GMV's President, Mónica Martínez Walter, opened things up by stressing the importance of innovation in companies' present and future performance. She was followed by the Secretary of State of Research, Development and Innovation of the Ministry of Economy and Competitiveness, Carmen Vela, who underlined GMV's outstanding, innovation-driven position in today's technological panorama.
"Companies have to step up their involvement in R&D", she stated; "it's the path towards competitiveness and job generation." Europe's goal is for two thirds of innovation to come from business R&D. This makes it necessary to "set up an innovation ecosystem. The Spanish government is going to invest 1.8 billion euros in development". Carmen Vela wound up her speech by highlighting GMV's present strength and brilliant future.
She in turn was followed by the recognized American theoretical physicist, Michio Kaku. His master lecture argued that the upcoming cybernetic age is going to be one of intellectual capital. "We are moving from a property-based capitalism to an intellectual capitalism. Consumers can now tap into a wealth of information on the best market products; this will boost competition between companies, which will have to strive to offer a competitive price, the best option of the lot. The mass personalization of consumer products is even on the cards."
Another of the concepts Michio Kaku insisted on during his lecture was that there should be no resistance or struggle against the different waves of innovation that humankind is necessarily and successively experiencing. "We are now in the fourth of these waves and the star turns are biotechnology, artificial intelligence, nanotechnology and molecular science. The strand running through all of them is telecommunications." As for computers, the physicist argued that they will disappear as we know them today. Today's Cloud computer network will usher the irreversible digitization of capitalism.
"Computers will be up on the walls, down on the floors and even under our own skin. We will pay from the cell phone, the wrist watch or simply by blinking."
According to Michio Kaku, the next wave of innovation will come in medicine. "Nanomedicine will be able to locate and kill cancer cells and even pre-empt the formation of tumors ten years before they actually form. Work is currently underway on the cultivation of human organs."
After Michio Kaku's lecture the science popularizer Eduard Punset opened the debate with the rest of the conference participants. Daniel Sieberg, Senior marketing manager at Google, reflected on the need of striking a new life balance in a such a hi-tech world. "We need to create a self-awareness since technology is now becoming an invisible, day-to-day presence. We therefore have to learn how to manage it, paying the attention they deserve to the people we interact with." This idea is now being worked up by some companies like Google, developing technology to help humankind. He argued cogently that "in business no e-mail communication will ever be able to replace a firm handshake and face-to-face talk."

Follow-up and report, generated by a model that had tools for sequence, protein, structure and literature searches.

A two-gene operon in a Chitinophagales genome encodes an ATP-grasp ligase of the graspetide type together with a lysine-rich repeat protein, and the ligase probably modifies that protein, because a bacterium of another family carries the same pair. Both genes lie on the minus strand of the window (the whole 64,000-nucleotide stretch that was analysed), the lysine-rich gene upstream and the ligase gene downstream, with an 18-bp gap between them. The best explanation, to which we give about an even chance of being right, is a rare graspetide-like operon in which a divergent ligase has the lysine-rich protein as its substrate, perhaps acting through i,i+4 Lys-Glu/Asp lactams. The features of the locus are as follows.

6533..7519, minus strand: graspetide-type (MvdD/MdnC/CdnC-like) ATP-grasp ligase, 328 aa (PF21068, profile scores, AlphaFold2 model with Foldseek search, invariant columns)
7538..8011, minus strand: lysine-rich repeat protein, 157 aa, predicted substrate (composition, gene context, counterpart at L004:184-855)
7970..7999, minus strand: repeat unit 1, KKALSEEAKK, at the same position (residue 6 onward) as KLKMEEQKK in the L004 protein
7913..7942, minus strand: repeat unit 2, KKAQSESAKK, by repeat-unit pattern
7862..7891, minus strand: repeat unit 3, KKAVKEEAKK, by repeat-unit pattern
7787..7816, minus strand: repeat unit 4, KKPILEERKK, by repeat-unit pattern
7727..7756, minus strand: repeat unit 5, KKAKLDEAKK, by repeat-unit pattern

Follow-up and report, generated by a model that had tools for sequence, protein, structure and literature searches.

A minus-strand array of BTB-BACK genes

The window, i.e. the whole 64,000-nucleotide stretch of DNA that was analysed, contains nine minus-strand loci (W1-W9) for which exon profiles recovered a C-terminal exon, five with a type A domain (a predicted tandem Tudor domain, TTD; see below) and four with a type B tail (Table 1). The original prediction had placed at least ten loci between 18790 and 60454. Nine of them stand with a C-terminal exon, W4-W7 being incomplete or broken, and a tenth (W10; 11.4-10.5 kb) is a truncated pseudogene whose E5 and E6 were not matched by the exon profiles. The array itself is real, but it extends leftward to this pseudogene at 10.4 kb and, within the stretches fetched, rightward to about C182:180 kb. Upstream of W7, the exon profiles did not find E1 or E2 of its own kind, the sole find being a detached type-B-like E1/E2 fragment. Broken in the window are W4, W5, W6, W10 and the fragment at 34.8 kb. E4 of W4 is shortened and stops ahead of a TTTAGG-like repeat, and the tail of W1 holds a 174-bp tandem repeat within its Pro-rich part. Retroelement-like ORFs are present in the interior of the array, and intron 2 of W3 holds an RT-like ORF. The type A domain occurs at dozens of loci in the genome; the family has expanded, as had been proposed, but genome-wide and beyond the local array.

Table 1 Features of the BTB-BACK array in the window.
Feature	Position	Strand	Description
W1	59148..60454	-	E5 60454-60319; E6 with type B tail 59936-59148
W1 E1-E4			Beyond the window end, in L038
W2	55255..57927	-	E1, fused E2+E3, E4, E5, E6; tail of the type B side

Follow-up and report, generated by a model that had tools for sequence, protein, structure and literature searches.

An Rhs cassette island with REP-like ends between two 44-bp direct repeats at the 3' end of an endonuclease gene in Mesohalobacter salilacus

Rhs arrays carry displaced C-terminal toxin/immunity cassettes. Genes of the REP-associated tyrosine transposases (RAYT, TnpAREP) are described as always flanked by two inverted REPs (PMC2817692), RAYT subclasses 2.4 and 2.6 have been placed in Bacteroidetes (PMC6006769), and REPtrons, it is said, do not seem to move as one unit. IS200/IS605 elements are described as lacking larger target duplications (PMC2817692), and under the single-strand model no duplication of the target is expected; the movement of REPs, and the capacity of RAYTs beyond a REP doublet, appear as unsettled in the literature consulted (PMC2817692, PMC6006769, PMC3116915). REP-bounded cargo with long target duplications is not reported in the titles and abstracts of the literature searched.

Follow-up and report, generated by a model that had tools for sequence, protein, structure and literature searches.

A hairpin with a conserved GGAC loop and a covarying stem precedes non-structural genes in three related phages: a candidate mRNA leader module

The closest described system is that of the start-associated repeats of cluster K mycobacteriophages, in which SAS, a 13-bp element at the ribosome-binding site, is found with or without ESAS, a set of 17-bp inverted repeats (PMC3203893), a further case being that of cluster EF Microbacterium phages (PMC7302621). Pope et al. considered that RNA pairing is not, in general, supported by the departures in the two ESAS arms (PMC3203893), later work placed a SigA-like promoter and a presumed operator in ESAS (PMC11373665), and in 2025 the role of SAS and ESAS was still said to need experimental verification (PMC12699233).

For his part, Bas Landorp, CEO of Mars One, a private project that aims to establish the first permanent human colony on Mars, fired up the audience's imagination with this ambitious project. "The Mars settlement, penciled in for 2024 will be the most decisive moment in humankind's history; humankind will have embarked on the colonization of another planet." Bas Landorp's maxim is that "there is no obstacle that cannot be overcome". Mars One will be working with consolidated aerospace suppliers to develop and manufacture all necessary mission components.
The last to take part in the debate was Doctor Julio Mayol, Chief Innovation Officer of Madrid's Hospital Clínico San Carlos and professor in universities in Spain and the USA. "The only way of creating the future is by speaking of it", he claimed. According to Julio Mayol, the medicine of the future will consist of three groundbreaking elements: a new business model, technological innovation and a change in mindsets. "The health system overlooks the individual. In the future the objective is for patients to perceive the quality of their health. To give health care value it is necessary to change the model and work towards transparent population medicine. On the strength of nanotechnology and digitization we will achieve non-invasive diagnoses."
Finally, the closing address was given by Mónica Martínez Walter, recalling the final objective of the conference: provide a long-term overview capable of inspiring the main representatives of the sector and bring home to society the importance of investing today in tomorrow's future-changing technologies. "Innovation and technological leadership will continue to be GMV's hallmarks as the key to its past and future business success."